Catch Me If You Can: Staying Ahead of the RAC Reviews of Untimed Codes
By Nancy J. Beckley, MB, MBA, CHC
Nancy J. Beckley, MS, MBA, CHC
It is great to breathe a great big sign of relief!
No, the RACs have not gone away, but they have finally become operational (rather than informational), and the first targets have been revealed.
Regions C (Connolly Healthcare) and D (HealthDataInsights,) have posted CMS issues to their Web sites for the states in which they have completed the required informational town hall meetings. Connolly posted seven approved issues earlier this month including the CMS approved automated reviews of outpatient therapy untimed codes.
HDI premiered its new RAC Web site, revealing that they had also been approved by CMS to automatically review outpatient rehab claims, for both Part A and Part B providers on the topic of untimed codes. At least one rehab target is no longer moving. This provides an opportunity for every provider that is billing therapy codes to put in place retrospective audits to assess risk, mitigate adverse findings and put in place effective compliance practices.
HDI discusses the approved issue: "When reporting service units for untimed codes (excluding Modifiers -KX, and -59) where the procedure is not defined by a specific timeframe, the provider should enter a 1 in the units bill column per date of service."
No surprises here having untimed codes appear as an approved issue by CMS. Untimed codes were high on my list of rehab areas in my July 15th RACMonitor article: Likely Outpatient Rehab RAC Targets - Hiding in Plain Sight. As noted in the article "in the California and New York RAC demonstrations this represented a substantial error rate for speech-language pathology. This should have been caught in an edit table in the hospital's billing program, and when it missed that edit, it should have been denied at the MAC/FI level - but these billings sneaked through both security systems and were nabbed by the RAC with ease."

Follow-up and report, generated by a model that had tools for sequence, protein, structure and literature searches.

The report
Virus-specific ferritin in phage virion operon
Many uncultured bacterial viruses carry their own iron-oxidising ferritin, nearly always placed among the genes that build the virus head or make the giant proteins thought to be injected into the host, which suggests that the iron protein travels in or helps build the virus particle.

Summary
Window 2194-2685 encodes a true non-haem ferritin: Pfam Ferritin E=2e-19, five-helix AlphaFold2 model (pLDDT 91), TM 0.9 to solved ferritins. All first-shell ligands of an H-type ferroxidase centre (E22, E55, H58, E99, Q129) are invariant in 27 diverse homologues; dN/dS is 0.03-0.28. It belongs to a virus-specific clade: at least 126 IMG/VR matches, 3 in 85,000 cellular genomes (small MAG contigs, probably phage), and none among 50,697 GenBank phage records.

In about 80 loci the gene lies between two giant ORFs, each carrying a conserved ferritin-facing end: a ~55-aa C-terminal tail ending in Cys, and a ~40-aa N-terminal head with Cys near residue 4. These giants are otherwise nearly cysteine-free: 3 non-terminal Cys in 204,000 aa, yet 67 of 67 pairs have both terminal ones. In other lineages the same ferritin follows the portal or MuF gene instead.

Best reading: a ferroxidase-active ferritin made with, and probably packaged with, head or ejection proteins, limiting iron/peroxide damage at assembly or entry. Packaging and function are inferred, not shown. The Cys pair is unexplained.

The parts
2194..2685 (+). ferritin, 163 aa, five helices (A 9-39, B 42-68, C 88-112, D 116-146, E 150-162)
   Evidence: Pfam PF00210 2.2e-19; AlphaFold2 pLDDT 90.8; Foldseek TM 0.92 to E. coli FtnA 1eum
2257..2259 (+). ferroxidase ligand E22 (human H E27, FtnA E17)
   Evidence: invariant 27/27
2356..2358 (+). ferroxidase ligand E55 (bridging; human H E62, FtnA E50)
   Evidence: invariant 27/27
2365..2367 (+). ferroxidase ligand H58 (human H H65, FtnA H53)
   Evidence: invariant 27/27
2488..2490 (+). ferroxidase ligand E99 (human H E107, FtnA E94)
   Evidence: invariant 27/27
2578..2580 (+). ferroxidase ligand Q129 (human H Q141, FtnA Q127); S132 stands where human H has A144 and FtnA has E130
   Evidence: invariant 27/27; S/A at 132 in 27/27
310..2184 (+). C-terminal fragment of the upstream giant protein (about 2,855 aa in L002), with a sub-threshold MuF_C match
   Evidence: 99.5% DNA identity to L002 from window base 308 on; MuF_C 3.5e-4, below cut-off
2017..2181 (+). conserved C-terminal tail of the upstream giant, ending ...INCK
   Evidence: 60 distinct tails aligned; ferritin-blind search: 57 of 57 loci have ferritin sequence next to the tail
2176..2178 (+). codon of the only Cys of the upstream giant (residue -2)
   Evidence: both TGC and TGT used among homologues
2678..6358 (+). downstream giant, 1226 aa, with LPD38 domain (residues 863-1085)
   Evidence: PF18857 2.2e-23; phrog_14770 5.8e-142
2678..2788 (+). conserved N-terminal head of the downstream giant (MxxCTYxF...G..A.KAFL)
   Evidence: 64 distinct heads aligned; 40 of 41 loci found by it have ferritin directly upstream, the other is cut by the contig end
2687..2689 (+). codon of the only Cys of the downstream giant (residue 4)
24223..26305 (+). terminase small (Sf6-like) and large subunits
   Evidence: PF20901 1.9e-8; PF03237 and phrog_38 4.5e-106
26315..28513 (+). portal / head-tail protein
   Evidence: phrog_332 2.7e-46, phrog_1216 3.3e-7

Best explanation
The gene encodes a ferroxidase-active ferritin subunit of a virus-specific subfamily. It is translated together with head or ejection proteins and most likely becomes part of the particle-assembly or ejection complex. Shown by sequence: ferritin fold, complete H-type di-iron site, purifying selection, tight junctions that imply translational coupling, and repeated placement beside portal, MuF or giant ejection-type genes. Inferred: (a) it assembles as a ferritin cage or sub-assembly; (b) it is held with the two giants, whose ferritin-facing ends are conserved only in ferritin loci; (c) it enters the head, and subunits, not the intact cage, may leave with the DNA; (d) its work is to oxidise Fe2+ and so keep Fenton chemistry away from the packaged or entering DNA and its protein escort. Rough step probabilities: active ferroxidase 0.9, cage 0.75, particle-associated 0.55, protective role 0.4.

Listen up hospitals with outpatient therapy departments, skilled facilities billing Part B services, Rehab Agencies, Comprehensive Outpatient Rehab Facilities (CORFs) and private practice physical therapists, occupational therapists and speech language pathologists.
As you are sleeping peacefully this evening the computers at the RAC are whirling away running outpatient therapy claims through proprietary algorithms to see if those pesky untimed codes have slipped through the security systems of your billing software and sneaked through the gates of the claims edits at the FI or carrier.
Rehab providers are often subject to complex (medical records review) probe reviews that select a certain percentage of claims for review that may or may not extrapolate an error rate to a specified universe of claims. In the automated reviews no medical records are necessary and the review is a quick crunch of the numbers in a super database looking for untimed codes that are billed in increments of more than one unit.
As noted in my previous article "physical therapy, occupational therapy or speech therapy evaluations may take anywhere from 30 minutes to over an hour, but the reimbursement for the respective therapy evaluation codes of 97001, 97003 and 92506 is not time based, but rather service based. The evaluation CPT code may only be billed as a unit of 1 on the claim."
Hospitals and other providers often establish therapy billing items in 15 minutes increments based on the line item detail in the charge master (CDM). It is done this way to demonstrate resource intensity of the service, as well as a measure of staff productivity. In general an edit table decision algorithm should give direction to bill this out based on rules in the database needed for the various related payer tables. For example for a physical therapy evaluation there could be four different charge codes: one reflecting a 15 minute evaluation, another reflecting a 30 minute evaluation, and finally those reflecting a 45 minute and 60 minute evaluation. The billed charge for each would be incrementally higher, and perhaps even some payer sources may offer incrementally higher reimbursement. (Hope springs eternal!) This represents a way of billing for an untimed code for a unit of one, but with the charges reflecting the resource intensity of the service. In the case of Medicare, the reimbursement is based upon the Medicare Physician Fee Schedule for your locality regardless of the amount of time or resource intensity involved in delivering the therapy evaluation service that is billed as an untimed code. The MPFS calculations are computed on a formula that takes the averages into account.
Both Connolly and HDI list the following CMS references for providers on the Untimed Codes issue approved by CMS: CMS Pub 100-04, Transmittal 1019, dated 8.3.06, pages 7-11 and CMS Pub 100-04, Ch. 5, § 20.2.
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